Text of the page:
BP has been called on the carpet, but many companies have been able to minimize or avoid financial responsibility for their pollution. The British energy giant's June 16 agreement to create a $20 billion fund to compensate the spill's victims is unusual, and it raises an interesting question: Where does BP's payout rank compared to previous settlements and penalties for environmental devastation?
The quick answer is that BP's huge fund immediately vaulted it from the No. 3 to the top of this shameful pantheon. Yet, while the energy giant is now No. 1, it's far from being the only company that has put profit before environmental safety.
In the following gallery, we've compiled a list of the top 10 corporate payouts for environmental damage. To create this list, we looked at the largest pollution disasters and devastation in recent history, and explored which entities ultimately paid for the cleanup. We didn't adjust for inflation, which means that PEMEX's 1979 Ixtoc 1 oil spill in the Gulf of Mexico was pushed off the list. We also didn't include cases that are still in litigation; Honeywell (No. 5) and General Electric (No. 8) could eventually appear on the list multiple times once some large cases are settled.
In all too many cases, we found that, while corporations were often quick to poison the environment, they tend to be very slow when it comes to fixing their mistakes. (Story continues after the gallery.)
Top 10 Environmental Payouts
As BP sets aside billions to clean up the Gulf, here is our list of the largest pollution payouts in corporate history.
Gerald Herbert, AP
Charlie Riedel, AP
Oil Slicks and Slick Lawyers
In addition to its new $20 billion escrow account, BP has already spent $1.6 billion on cleanup and has set aside $100 million to compensate laid-off oil workers in the Gulf. By comparison, the total settlement for No. 2 on our list -- Exxon (XOM) -- was $3.5 billion, just 16% of BP's payout.
This enormous gap highlights a key aspect of the environmental payoff list: In most cases, the companies involved managed to reduce -- or even erase -- settlements through years of legal stalling and courtroom chicanery. Exxon's paltry $500 million reimbursement to victims of the Valdez oil spill was finalized in 2009, 20 years after the calamity. By that time, the company's payoff had been whittled down to 10% of the original award -- and 8,000 of the original claimants had died.
While Exxon's stalling is impressive, the master of litigation may well be No. 3 on the list, Union Carbide (DOW). Four days after the company's 1984 industrial accident in Bhopal, India, its CEO, Warren Anderson, was arrested by Indian police. After making bail, he fled the country, telling reporters "House arrest or no arrest or bail, no bail, I am free to go home. . . . There is a law of the United States. . . . India, bye, bye, Thank you."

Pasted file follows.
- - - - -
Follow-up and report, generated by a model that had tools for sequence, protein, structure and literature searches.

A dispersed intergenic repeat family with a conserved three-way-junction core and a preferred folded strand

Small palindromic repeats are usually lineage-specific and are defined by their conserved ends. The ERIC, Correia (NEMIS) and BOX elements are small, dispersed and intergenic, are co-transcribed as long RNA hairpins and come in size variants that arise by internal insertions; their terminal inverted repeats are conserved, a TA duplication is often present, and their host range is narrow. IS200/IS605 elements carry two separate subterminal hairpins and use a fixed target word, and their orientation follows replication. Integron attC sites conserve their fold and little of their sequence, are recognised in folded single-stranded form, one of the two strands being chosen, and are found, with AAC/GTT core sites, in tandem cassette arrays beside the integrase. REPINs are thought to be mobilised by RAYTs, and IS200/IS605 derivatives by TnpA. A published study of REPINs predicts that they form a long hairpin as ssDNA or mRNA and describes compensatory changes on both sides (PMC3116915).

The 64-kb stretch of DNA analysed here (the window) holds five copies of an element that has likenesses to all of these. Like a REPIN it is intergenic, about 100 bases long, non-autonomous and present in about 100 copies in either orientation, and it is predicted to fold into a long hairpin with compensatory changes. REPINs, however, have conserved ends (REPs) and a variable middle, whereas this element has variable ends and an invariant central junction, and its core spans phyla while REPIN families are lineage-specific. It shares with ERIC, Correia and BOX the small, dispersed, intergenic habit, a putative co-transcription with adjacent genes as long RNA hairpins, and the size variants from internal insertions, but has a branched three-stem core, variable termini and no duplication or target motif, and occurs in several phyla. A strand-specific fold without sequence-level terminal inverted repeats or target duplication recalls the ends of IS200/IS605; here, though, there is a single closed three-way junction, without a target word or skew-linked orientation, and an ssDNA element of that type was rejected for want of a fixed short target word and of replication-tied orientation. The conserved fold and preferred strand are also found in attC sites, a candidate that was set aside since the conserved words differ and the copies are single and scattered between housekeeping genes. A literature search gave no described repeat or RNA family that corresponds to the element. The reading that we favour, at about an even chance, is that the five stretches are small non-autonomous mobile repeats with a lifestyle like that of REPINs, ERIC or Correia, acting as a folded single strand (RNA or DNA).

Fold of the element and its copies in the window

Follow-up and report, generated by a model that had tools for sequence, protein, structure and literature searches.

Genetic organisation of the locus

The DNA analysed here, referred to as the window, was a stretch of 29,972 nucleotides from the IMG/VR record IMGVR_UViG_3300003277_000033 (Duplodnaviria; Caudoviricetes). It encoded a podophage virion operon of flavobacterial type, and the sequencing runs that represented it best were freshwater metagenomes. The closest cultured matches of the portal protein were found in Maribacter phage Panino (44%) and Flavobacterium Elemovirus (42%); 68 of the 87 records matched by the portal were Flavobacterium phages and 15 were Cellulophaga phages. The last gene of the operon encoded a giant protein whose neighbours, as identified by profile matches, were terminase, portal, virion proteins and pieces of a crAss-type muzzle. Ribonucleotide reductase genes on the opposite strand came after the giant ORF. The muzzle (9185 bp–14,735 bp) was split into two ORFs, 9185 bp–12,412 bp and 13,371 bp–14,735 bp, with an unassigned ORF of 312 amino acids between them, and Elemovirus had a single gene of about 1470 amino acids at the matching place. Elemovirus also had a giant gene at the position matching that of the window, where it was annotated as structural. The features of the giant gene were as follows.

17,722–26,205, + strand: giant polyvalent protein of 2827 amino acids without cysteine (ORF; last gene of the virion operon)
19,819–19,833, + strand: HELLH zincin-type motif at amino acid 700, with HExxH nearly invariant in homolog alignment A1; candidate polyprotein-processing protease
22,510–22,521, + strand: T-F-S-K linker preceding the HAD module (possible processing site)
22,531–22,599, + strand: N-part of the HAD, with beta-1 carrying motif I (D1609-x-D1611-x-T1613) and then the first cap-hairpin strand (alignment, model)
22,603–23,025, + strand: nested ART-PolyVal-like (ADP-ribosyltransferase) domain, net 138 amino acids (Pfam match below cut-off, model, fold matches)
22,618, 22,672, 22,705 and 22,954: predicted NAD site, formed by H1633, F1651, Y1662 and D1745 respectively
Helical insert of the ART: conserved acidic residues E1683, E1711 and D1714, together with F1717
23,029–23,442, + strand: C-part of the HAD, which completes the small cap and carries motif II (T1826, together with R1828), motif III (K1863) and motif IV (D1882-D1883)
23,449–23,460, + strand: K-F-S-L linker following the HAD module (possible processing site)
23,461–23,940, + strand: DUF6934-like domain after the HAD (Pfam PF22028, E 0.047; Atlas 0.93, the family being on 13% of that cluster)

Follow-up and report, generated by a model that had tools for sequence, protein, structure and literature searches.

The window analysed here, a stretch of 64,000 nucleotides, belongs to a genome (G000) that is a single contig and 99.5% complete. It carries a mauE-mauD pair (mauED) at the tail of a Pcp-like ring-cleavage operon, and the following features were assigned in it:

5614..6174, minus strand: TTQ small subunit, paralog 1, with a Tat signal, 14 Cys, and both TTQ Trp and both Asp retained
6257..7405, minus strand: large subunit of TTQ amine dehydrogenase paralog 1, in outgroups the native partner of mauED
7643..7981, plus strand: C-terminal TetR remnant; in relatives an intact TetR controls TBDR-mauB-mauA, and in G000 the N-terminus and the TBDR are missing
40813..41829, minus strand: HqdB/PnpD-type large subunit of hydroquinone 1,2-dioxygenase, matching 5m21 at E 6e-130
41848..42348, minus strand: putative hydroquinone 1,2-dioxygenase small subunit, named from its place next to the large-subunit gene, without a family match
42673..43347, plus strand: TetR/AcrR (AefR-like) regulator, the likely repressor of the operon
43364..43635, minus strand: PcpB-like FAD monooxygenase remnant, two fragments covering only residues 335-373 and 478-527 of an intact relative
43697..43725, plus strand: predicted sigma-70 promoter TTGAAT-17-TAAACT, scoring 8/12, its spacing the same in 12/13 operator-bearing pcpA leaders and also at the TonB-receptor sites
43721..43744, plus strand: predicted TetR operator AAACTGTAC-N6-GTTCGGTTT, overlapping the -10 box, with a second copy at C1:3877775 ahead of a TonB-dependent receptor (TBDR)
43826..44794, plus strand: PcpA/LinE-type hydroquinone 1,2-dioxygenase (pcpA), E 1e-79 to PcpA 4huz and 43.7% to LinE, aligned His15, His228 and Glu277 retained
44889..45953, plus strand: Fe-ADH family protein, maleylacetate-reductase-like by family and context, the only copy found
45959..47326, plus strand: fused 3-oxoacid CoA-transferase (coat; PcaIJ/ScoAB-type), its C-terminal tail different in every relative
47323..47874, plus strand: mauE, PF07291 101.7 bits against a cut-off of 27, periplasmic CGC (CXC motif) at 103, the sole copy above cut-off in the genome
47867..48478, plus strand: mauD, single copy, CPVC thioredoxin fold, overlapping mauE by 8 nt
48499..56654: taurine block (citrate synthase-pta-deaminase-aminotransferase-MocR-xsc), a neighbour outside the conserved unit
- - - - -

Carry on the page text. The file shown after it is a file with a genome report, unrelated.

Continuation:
When he and other Union Carbide officers were later summoned to appear in Indian court, the company claimed that as an American corporation, it wasn't subject to Indian jurisdiction -- and, apparently, neither were its officers. The U.S., which has an extradition treaty with India, has repeatedly refused to send Anderson and his fellow fugitives back to Bhopal, and the U.S. Supreme court declined to hear the case, asserting that Indian citizens could not seek damages in a U.S. court. Ultimately, the victims, who had originally filed a claim for $3 billion in damages, settled for $470 million.
Armies of the Night
It's worth noting that some of the biggest polluters in history didn't make it onto our list of corporate do-badders because they're governments. For example, the second-largest oil spill in history occurred when Iraqi military forces tried to foil an armed landing by American soldiers by opening the release valves at the Sea Island oil terminal on the Persian Gulf. They eventually dumped an estimated 462 million gallons of crude, killing thousands of fish and birds and leaving several inches of oily sediment that remain to this day. No payout was ever assessed, and the spill was never cleaned up.
But even when governments aren't at war, they tend to be heavy polluters. By one measure, the U.S. federal government is the biggest environmental offender: Of the 1,623 Superfund cleanup sites, 225 are directly tied to the government or the military. The next-nearest offender, Honeywell (HON), has 128 Superfund sites.
Speaking of Superfund sites, the growing public outrage at corporate pollution has led to quicker government action and ever-increasing payouts. The whole concept of a Superfund owes its existence to the 1978 Love Canal disaster, which brought the danger of toxic waste squarely to the public's attention. However, it took 16 years for the EPA to reach a settlement with Occidental Chemical, the company responsible for the waste. And the ultimate payout -- $129 million, and not quite enough to make it into our top 10 -- was just 39% of the $333 reward that Erin Brockovich helped get from Pacific Gas and Electric (PGC), No. 5 on our list, the following year.
In fact, 70% of the payouts on this list were made in the past 10 years, and if Honeywell's and GE's (GE) multiple cases were put on this list, that number would rise to 90%.
The simple, hopeful truth is that, while the great age of polluting may be far from over, it has certainly gotten a lot more expensive. Maybe that will get at least some would-be polluters to clean up their acts.